From the Arbor | News for April from Jerry Weakley
From time to time I have reported having a sense of writer’s block . . . not so much on the information presented inside the actual Arbor, but here on the opening page. Be assured, nothing could be further from the truth this month!
Several months ago, Executive Cabinet members as a group read five books (we all read at least one, and several read anywhere from two to all five. I have completed three, and will begin the fourth shortly). The purpose of the exercise was to select the single book that would become the “common reading” book for our CAS freshman in the fall of 2012. The list of nominated titles came to us having moved through a discussion and decision-making process with another committee on the Baldwin City campus. All of the books are best sellers and present issues and different perspectives of which well-read Baker students should be knowledgeable and conversant.
In conversations with alumni about the project and my observations about some of the books, several alumni suggested that I list these in an upcoming Arbor so that our readers would have an opportunity to experience a reading assignment just like a current student. This was a great idea! But, before revealing the single book that has been selected, I will list the other four, along with their authors. All are of value and will provide enjoyable reading.
- Little Princes by Conor Grennan
- Scratch Beginnings by Adam Shepard
- The Immortal Life of Henrietta Lacks by Rebecca Skloot
- Wine to Water by Doc Hendley
The selected book is Outcasts United by Warren St. John, Random House Publishing Group. Here is my own synopsis:
The book details the relocation of hundreds of refugees primarily from war-torn and impoverished countries including Bosnia, Afghanistan, Burundi, Kosovo, Liberia, Somalia and Sudan to a formerly quiet and traditional small southern community, Clarkston, Ga., just east of Atlanta. It chronicles the immense challenges experienced by both the refugee families and the residents of Clarkston in attempting to adapt to the surroundings, environment, customs, different cultures and newly created day-to-day life.
The pivotal character is Luma Mufleh, herself a refugee from Jordan. Through her vision and untiring efforts, she creates several soccer teams for the refugee children and youth. The teams all adopt the name the Fugees. Coach Luma is not only the coach of all the teams but also becomes a surrogate parent to many of the players and, in fact, becomes the inspirational and uniting leader, not only for her players, but also for their parents and the entire Clarkston refugee community. Coach Luma and her Fugees are directly responsible for propagating most of the social change that comes about in Clarkston in this riveting true story.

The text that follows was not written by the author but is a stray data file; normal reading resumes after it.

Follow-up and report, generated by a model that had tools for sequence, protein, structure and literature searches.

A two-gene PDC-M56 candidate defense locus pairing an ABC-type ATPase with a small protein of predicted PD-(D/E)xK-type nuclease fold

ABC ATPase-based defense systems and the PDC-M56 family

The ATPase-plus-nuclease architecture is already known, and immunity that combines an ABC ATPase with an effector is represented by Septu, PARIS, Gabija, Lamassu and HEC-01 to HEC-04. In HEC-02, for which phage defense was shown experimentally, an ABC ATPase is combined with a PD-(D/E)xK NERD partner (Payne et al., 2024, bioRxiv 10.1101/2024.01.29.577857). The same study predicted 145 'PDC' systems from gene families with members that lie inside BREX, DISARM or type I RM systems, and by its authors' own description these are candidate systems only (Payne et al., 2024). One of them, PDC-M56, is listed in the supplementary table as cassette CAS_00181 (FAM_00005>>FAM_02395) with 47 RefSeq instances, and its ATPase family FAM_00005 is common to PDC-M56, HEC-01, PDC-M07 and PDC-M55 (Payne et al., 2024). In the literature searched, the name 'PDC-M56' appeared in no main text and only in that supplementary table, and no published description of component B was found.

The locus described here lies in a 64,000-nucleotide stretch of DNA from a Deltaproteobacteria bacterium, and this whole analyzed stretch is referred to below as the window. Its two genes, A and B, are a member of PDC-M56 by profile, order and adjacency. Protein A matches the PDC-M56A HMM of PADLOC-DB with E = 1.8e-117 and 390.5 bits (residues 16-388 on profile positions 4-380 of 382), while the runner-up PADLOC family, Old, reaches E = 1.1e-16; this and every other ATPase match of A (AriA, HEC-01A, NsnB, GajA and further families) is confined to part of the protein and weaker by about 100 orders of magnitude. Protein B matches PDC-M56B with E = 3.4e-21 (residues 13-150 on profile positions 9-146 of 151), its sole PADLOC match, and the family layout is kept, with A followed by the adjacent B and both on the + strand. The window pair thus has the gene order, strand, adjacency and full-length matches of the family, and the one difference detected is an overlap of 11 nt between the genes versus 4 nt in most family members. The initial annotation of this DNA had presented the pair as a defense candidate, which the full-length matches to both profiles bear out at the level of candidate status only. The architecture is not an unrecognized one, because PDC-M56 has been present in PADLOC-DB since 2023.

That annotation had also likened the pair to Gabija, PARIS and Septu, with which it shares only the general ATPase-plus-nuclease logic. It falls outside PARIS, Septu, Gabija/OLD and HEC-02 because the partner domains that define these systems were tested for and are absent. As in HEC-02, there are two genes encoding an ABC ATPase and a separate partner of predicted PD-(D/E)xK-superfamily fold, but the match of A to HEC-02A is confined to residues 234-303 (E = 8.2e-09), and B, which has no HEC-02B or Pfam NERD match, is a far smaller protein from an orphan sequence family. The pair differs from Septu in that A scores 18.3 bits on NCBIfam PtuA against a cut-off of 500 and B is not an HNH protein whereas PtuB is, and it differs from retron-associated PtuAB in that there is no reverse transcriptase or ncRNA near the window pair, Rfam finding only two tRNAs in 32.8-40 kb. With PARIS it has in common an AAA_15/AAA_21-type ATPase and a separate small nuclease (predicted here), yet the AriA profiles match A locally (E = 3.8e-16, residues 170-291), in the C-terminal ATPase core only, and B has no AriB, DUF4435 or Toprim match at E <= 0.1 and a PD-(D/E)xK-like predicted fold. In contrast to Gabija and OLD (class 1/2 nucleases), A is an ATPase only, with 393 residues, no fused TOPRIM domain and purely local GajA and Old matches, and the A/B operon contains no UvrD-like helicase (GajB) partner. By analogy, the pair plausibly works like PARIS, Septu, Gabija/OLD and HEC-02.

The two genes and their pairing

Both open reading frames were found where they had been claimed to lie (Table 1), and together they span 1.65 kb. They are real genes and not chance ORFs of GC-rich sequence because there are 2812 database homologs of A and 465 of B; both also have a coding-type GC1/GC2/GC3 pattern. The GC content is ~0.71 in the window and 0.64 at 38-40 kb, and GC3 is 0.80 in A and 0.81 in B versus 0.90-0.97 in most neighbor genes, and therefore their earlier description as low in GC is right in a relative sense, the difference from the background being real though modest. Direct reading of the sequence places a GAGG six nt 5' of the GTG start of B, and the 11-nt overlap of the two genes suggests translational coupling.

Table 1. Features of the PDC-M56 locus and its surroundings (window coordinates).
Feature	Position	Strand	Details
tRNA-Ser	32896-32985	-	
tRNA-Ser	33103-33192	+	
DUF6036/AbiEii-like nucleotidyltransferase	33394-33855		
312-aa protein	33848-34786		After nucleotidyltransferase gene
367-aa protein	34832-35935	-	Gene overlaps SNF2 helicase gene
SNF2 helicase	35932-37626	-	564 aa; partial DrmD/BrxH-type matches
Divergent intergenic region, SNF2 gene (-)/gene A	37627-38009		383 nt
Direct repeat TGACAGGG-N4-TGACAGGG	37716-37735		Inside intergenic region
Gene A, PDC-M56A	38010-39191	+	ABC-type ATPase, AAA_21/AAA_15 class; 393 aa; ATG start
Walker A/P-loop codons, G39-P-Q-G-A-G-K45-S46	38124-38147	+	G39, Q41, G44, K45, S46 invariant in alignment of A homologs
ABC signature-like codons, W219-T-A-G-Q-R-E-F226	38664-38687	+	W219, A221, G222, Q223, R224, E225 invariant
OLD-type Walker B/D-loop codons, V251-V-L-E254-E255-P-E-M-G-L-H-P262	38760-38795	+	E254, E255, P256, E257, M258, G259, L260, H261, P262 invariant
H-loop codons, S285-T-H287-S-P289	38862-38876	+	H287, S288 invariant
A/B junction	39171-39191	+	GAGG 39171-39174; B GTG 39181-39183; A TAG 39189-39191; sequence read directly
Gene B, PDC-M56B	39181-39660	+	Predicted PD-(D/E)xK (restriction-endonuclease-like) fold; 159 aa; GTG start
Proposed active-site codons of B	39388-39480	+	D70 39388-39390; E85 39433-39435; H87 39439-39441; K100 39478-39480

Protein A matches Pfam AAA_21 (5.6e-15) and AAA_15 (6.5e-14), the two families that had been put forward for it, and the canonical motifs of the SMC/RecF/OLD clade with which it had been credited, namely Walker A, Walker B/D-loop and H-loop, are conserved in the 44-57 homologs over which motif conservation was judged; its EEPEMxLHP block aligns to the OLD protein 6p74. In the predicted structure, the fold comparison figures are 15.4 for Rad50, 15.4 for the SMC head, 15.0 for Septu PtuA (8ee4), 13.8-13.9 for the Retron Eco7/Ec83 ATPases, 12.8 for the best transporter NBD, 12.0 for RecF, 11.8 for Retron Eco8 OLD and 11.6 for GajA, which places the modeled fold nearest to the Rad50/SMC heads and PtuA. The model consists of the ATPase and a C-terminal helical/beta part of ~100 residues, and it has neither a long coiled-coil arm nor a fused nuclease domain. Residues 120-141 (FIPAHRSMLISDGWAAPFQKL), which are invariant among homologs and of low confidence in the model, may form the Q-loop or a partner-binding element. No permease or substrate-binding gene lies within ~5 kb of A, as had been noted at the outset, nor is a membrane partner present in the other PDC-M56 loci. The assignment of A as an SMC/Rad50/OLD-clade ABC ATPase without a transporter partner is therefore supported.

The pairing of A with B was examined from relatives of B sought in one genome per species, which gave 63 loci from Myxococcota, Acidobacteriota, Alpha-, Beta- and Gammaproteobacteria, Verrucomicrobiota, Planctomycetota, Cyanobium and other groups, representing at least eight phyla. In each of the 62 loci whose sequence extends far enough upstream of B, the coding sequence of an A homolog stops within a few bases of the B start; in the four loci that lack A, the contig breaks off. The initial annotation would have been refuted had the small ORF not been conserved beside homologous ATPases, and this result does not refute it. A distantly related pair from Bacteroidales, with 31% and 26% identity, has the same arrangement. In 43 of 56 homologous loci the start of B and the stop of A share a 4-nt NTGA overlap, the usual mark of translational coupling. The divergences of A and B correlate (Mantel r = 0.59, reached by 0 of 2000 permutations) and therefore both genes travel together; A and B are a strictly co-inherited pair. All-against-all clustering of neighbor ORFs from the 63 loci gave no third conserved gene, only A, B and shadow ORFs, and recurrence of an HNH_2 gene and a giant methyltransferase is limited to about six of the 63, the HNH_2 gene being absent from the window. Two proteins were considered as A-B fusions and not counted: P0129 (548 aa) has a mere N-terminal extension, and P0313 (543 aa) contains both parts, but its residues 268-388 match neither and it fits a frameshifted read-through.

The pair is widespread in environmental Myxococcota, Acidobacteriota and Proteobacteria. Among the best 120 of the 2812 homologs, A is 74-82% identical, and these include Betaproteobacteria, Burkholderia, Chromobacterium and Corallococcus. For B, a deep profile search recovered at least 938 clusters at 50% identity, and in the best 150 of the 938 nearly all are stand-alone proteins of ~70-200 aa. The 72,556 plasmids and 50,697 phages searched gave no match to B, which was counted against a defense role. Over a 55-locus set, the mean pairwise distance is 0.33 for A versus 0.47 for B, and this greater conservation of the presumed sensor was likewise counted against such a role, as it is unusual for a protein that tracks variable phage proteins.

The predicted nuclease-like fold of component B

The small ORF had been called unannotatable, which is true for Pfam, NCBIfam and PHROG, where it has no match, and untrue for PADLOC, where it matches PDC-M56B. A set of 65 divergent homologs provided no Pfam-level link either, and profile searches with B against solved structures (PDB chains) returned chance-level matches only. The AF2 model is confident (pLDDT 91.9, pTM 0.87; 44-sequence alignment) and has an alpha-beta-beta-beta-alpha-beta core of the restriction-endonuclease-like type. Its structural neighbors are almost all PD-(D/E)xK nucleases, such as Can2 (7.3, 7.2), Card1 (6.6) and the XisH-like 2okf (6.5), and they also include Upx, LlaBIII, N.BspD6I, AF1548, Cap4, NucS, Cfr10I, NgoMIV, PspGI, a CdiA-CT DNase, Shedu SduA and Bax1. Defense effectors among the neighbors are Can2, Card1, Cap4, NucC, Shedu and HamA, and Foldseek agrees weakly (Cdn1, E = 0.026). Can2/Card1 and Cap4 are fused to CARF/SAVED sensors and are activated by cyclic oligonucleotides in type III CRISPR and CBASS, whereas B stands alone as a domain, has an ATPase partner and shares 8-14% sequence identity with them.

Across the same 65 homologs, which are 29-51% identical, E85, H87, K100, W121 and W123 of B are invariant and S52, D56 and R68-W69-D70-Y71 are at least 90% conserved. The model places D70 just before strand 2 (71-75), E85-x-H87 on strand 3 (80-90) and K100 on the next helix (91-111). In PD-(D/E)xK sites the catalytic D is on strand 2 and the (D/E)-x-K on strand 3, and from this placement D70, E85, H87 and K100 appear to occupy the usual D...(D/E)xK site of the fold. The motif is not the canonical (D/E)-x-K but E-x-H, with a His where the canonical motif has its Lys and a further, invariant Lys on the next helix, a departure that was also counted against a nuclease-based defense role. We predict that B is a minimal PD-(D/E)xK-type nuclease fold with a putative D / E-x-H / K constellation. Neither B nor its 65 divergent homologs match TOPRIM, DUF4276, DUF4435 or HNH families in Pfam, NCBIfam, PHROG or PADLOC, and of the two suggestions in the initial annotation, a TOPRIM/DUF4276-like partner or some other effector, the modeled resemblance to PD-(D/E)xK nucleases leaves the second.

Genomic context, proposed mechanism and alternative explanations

Last month on my way to Augusta, Ga., to work as I have for many years at the Masters Golf Tournament, I detoured off my traditional track and drove through Clarkston to better absorb and try to understand the community as it now exists. In the process of my visit, I took numerous pictures of places prominently mentioned in the book. It is my hope that the Marketing Office can use some of these shots in promoting the book to our students here on the Baldwin City campus. To say the least, I was captivated by my visit!
Upon returning to campus, I received a letter from Dottie Kochan Hann, ’56, whom I had visited at her home in John’s Creek, Ga., just prior to my drive through Clarkston. My description of the town I was planning to visit and the reason for the visit eventually led her to discuss a memory of being with her daughter-in-law to watch her grandsons play soccer against a familiar-sounding team. In her letter she revealed that her daughter-in-law was familiar with the Fugees and, in fact, Dottie reports that she had seen a match played by her grandsons against the Fugees in Atlanta a few years ago!
If you are interested in this or any of the other books, you can undoubtedly find them at your local bookstore, online or through your choice of e-book providers. I hope you read one or more and will enjoy them as I have!
Access the current issue of the Arbor. I hope you will find several news items that will inform, entertain or, perhaps, reengage you with the University!
Jerry Weakley, ’70, M.B.A. ’92